Hidden Cove House

Stuart Silk Architects have merged the concept of garden and shelter in the realization of this waterfront home nestled on the shores of Lake Washington in Seattle.

  • area / size 4,520 sqft
  • Year 2018
  • Type House,
  • This large wooded site is on a small bay on Lake Washington in the Washington Park neighborhood of Seattle. The parcel enjoys sweeping views of Lake Washington and the Cascade Mountains was well suited for our client’s collection of specimen trees. Our client’s dream was to find a water front property with perfect exposure that would allow them to build a garden that could accommodate these woodland treasures.

    As architects, we wanted to merge garden and shelter. We conceived of a home as collection of one-story pavilions with the garden at its center. The oddly shaped parcel was challenging but allowed us to expand the gardens and resulted in one pavilion being slightly off axis with the others, ultimately creating greater interest. To maximize light the main pavilions run in an east/west orientation.

    The garden is divided into two principal rooms connected by a water course that falls from the street towards the lake and represents a journey from the mountain to the sea. The pavilions are connected by a covered walkway that runs most of the length of the property knitting the pavilions together.

    Each pavilion has its own separate function: living areas, bedrooms, art studio and garage. Consistent throughout is the low-angled hip roof which is a characteristic of traditional Japanese homes. Long overhanging eaves meet in a minimally designed knife-like edge. Each roof is clad in specially designed zinc shingles which invoke the feel of the ancient roofs. They will continue to patina over time to a lustrous grey tone.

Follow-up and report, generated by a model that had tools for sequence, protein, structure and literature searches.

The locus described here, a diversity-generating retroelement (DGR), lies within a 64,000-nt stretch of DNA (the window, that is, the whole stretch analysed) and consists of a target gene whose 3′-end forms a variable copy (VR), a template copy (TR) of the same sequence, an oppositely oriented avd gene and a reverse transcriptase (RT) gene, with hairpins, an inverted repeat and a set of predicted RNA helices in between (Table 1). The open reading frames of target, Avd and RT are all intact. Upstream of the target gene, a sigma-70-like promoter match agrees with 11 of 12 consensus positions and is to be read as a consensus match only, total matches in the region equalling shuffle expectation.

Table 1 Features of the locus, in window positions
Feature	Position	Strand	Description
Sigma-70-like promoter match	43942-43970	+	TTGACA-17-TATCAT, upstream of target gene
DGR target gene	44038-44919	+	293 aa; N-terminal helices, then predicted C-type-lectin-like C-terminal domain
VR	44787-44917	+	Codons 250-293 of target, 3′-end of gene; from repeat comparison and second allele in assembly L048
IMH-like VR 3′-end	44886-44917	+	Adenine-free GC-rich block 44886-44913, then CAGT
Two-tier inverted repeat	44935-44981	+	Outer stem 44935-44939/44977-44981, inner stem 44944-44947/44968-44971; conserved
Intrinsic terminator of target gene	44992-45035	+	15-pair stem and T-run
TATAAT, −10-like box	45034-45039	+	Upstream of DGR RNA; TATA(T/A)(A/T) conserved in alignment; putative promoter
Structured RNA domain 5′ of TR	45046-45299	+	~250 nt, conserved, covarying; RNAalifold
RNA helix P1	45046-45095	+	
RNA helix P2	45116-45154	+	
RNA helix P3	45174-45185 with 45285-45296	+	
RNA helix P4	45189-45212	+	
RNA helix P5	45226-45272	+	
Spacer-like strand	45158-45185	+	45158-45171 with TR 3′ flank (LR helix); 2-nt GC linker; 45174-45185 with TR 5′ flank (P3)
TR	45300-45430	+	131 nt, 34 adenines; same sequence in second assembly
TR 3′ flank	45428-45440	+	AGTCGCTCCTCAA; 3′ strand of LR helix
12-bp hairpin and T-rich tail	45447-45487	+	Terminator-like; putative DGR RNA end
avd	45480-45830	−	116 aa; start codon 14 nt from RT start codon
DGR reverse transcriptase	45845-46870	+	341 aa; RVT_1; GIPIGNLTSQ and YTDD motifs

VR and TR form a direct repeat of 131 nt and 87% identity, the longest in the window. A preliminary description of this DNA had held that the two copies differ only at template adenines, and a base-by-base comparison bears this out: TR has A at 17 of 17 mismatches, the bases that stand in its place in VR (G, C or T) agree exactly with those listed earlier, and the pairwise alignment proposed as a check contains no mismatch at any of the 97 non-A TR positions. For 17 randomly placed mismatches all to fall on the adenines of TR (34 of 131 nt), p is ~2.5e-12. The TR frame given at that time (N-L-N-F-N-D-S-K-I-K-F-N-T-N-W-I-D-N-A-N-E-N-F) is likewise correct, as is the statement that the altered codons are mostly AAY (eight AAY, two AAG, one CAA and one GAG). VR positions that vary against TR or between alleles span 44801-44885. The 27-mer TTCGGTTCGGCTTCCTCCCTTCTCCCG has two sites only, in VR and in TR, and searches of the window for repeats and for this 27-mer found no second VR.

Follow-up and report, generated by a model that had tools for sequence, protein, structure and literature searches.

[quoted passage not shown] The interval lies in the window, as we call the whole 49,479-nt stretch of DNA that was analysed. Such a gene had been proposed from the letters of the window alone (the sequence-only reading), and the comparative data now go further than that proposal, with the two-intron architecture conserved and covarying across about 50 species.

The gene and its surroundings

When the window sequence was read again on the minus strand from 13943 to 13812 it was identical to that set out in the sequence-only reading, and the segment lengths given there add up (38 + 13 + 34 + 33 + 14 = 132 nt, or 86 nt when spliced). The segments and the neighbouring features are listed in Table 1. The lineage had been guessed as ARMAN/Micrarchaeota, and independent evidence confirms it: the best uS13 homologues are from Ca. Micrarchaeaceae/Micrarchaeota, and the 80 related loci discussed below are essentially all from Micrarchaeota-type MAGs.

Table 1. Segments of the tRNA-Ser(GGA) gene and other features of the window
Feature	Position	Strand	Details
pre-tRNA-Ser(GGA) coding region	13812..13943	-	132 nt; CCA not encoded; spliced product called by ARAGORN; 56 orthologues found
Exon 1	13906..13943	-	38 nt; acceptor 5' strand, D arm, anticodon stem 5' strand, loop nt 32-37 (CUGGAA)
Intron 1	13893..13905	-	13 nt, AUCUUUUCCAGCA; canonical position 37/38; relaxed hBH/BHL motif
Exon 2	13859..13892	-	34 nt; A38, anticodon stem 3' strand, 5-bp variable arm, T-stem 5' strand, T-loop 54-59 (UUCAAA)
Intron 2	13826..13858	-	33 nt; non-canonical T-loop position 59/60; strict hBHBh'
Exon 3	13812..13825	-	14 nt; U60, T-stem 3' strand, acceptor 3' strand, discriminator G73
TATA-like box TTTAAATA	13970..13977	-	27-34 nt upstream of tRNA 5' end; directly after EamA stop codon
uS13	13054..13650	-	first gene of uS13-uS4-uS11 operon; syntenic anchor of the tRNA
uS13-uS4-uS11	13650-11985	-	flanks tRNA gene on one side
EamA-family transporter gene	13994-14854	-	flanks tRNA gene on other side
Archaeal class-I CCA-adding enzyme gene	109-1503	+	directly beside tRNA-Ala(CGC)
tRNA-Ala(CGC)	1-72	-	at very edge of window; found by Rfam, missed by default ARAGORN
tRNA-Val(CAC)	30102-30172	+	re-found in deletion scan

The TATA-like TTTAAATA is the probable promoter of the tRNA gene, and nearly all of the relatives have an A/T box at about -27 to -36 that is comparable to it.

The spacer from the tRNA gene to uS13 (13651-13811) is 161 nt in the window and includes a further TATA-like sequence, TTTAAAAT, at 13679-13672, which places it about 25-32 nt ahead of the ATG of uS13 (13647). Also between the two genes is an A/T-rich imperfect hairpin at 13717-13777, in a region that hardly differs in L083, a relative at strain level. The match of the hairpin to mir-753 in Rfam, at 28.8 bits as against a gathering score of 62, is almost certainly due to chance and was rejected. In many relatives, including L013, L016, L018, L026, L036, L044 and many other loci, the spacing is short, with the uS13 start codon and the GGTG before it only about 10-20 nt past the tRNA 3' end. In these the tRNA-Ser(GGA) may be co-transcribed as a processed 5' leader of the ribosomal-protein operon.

To prevent the home from becoming dark we lifted each roof up on ultra-thin steel posts to allow a continuous band of clerestory windows. Due to the weather in the Northwest, there are limited outdoor living months. To extend the time one can enjoy the indoor/outdoor living large overhangs were integrated into the design. The exterior terrace was designed with an ultra-thin fourteen-foot-deep cantilevered roof. This dramatic gravity defying cantilever allowed us to eliminate all columns which allowed unobstructed views of the lake and mountains.

    Nothing is more important in designing a garden house than to have excellent visibility from within. Particular attention was given to position the guest house for viewing the garden from the south with the sun at the back. This required cutting back and retaining the hill. Floor to ceiling glass was also used extensively throughout the home to frame each unique view of the garden as almost a painting. The energy codes were carefully negotiated to make for an efficient thermal dwelling.

    We designed a ceiling clad with cedar planks for its beauty and for its sound absorption to allow our clients to have large gatherings comfortably. No exposed nails were used in the ceilings. Each plank is separated by a half inch to allow sound to be absorbed into the sound insulation in the cavity above. The house is quiet even with lots of people.

    Architecture: Stuart Silk Architects
    Interior Design: Sechrist Design
    Landscape Architecture: Land Morphology
    Contractor: Mercer Builders
    Photography: Aaron Leitz